Fritz glanced up, angrily. 'Stupid! That picture of the maniac housepainter is there to remind me of the big bastards I ran from so as to arrive at little ones...' "
|Nazism||California: Los Angeles||1985||Swanwick, Michael. "Anyone Here From Utah? " in Another Round at the Spaceport Bar (edited by George H. Scithers and Darrell Schweitzer). New York: Avon Books (1989; c 1985); pg. 157-162.|| "'...My God, the things I've seen. I was in Los Angeles last month whn the President of the United States presented the key to the city to Adolf Hitler--in public Except for this little crowd who applauded, nobody seemed to notice... Hitler was in a wheelchair, wearing a white suit. I think he was senile.' "|
|Nazism||California: Los Angeles||1993||Shiner, Lewis. Glimpses. New York: William Morrow and Co. (1993); pg. 164.|| "'Lori told me you guys are witches.'
Her 'yeah' sounded like 'jah.' 'Pagans, witches, whatever you want to call us. We worship the Goddess, which basically is Gaia, the Earth. We see her as a living being. We try to live inside her rhythms. To be clean and peaceful and reverent.'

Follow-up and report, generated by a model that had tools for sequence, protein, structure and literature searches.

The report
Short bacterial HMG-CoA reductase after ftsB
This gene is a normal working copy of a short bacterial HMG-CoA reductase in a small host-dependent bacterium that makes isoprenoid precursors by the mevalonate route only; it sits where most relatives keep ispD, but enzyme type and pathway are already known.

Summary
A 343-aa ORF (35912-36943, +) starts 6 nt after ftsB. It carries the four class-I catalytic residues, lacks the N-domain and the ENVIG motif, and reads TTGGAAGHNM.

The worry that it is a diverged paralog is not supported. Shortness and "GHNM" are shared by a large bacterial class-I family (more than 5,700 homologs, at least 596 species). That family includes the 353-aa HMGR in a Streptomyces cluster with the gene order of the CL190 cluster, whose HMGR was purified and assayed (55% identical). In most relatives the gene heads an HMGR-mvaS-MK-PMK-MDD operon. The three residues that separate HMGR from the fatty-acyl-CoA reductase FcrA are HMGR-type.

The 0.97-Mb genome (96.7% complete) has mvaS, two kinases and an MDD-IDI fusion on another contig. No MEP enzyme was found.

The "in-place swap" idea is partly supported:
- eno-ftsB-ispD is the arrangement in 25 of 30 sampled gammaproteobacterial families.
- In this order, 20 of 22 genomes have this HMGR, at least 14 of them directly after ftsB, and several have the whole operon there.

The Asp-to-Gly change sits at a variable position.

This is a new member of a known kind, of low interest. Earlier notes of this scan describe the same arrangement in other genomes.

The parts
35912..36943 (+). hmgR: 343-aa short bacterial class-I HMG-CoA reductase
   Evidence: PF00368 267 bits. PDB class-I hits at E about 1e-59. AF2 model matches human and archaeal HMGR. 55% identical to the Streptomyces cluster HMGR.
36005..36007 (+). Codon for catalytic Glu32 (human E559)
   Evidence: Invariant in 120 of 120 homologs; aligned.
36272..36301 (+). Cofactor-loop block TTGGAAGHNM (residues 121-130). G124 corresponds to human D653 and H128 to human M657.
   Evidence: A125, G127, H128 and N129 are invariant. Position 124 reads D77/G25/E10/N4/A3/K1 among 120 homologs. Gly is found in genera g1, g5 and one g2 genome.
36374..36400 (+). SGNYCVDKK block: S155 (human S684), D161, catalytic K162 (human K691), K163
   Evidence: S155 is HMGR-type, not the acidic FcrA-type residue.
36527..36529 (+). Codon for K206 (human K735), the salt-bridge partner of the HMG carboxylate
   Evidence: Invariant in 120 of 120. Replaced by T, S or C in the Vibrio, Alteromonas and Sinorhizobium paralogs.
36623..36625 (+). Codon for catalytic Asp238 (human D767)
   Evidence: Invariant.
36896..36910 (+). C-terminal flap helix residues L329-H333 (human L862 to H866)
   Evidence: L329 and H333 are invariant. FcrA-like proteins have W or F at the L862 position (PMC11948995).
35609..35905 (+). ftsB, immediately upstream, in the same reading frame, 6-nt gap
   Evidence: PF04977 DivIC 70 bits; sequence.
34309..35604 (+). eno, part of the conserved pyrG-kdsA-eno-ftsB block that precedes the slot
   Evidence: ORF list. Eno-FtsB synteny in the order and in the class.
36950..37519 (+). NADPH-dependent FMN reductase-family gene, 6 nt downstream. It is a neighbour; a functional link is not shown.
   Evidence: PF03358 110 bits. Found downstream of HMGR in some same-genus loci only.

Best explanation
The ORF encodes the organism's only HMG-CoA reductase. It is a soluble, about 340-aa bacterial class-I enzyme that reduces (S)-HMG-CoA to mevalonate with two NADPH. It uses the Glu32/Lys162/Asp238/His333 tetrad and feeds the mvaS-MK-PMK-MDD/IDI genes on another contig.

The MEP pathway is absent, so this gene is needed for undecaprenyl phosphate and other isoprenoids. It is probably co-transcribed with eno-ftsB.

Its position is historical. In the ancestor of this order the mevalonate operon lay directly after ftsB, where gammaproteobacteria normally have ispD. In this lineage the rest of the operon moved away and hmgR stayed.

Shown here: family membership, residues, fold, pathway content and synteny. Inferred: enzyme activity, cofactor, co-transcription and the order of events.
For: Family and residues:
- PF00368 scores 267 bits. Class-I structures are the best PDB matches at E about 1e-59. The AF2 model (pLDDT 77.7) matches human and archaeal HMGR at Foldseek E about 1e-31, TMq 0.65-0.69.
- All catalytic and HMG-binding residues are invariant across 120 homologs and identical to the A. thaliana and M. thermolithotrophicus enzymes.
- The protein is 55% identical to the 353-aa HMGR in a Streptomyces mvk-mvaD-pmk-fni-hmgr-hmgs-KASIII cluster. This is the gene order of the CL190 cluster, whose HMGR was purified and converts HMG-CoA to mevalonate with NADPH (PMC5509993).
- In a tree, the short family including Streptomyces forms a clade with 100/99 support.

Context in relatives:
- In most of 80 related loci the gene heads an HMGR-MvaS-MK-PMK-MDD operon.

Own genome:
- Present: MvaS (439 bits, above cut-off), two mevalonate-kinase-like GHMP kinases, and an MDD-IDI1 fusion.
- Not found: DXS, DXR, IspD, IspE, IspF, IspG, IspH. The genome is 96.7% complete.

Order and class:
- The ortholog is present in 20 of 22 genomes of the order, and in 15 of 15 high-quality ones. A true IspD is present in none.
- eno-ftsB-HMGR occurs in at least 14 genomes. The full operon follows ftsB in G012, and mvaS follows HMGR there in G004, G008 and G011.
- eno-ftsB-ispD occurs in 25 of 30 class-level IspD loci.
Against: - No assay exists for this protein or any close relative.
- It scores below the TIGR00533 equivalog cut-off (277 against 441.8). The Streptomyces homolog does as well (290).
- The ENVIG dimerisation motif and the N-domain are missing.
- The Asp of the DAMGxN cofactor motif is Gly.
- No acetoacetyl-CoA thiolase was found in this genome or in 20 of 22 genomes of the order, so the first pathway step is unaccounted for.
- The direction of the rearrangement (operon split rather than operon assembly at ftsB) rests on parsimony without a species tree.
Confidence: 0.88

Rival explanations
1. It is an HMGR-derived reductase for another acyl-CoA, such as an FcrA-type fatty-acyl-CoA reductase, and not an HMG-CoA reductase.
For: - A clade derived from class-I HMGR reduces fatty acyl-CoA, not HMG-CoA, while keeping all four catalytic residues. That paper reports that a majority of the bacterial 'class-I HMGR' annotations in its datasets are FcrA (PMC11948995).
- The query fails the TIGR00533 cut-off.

Jeff, on the other side of her, said, 'Sounds like the Boy Scouts.' Then we had to explain to her what Boy Scouts are and how they're different from Hitler Youth, which turned out to be tricky. "
|Nazism||California: Los Angeles||1996||Powers, Tim. Expiration Date. New York: Tor (1996); pg. 226.||"Under some other name, Oaks had been a follower of all kinds of spiritualist leaders, even joining William Dudley Pelley's pro-Nazi 'Legion of Silver Shirts'... "|
|Nazism||California: Los Angeles||1999||Kessel, John. Good News from Outer Space. New York: Tor (1990; c. 1989); pg. 271.||"THE 1993 ACADEMY AWARDS:... the Best Picture category, when the aging actress who was to present the award announced the winner as a musical remake of Triumph of the Will. Switch to a clip of ecstatic Nazis (resembling the major heads of state of the Western Alliance) dancing around the infield of an olympic stadium singing 'Springtime for Hitler.' "|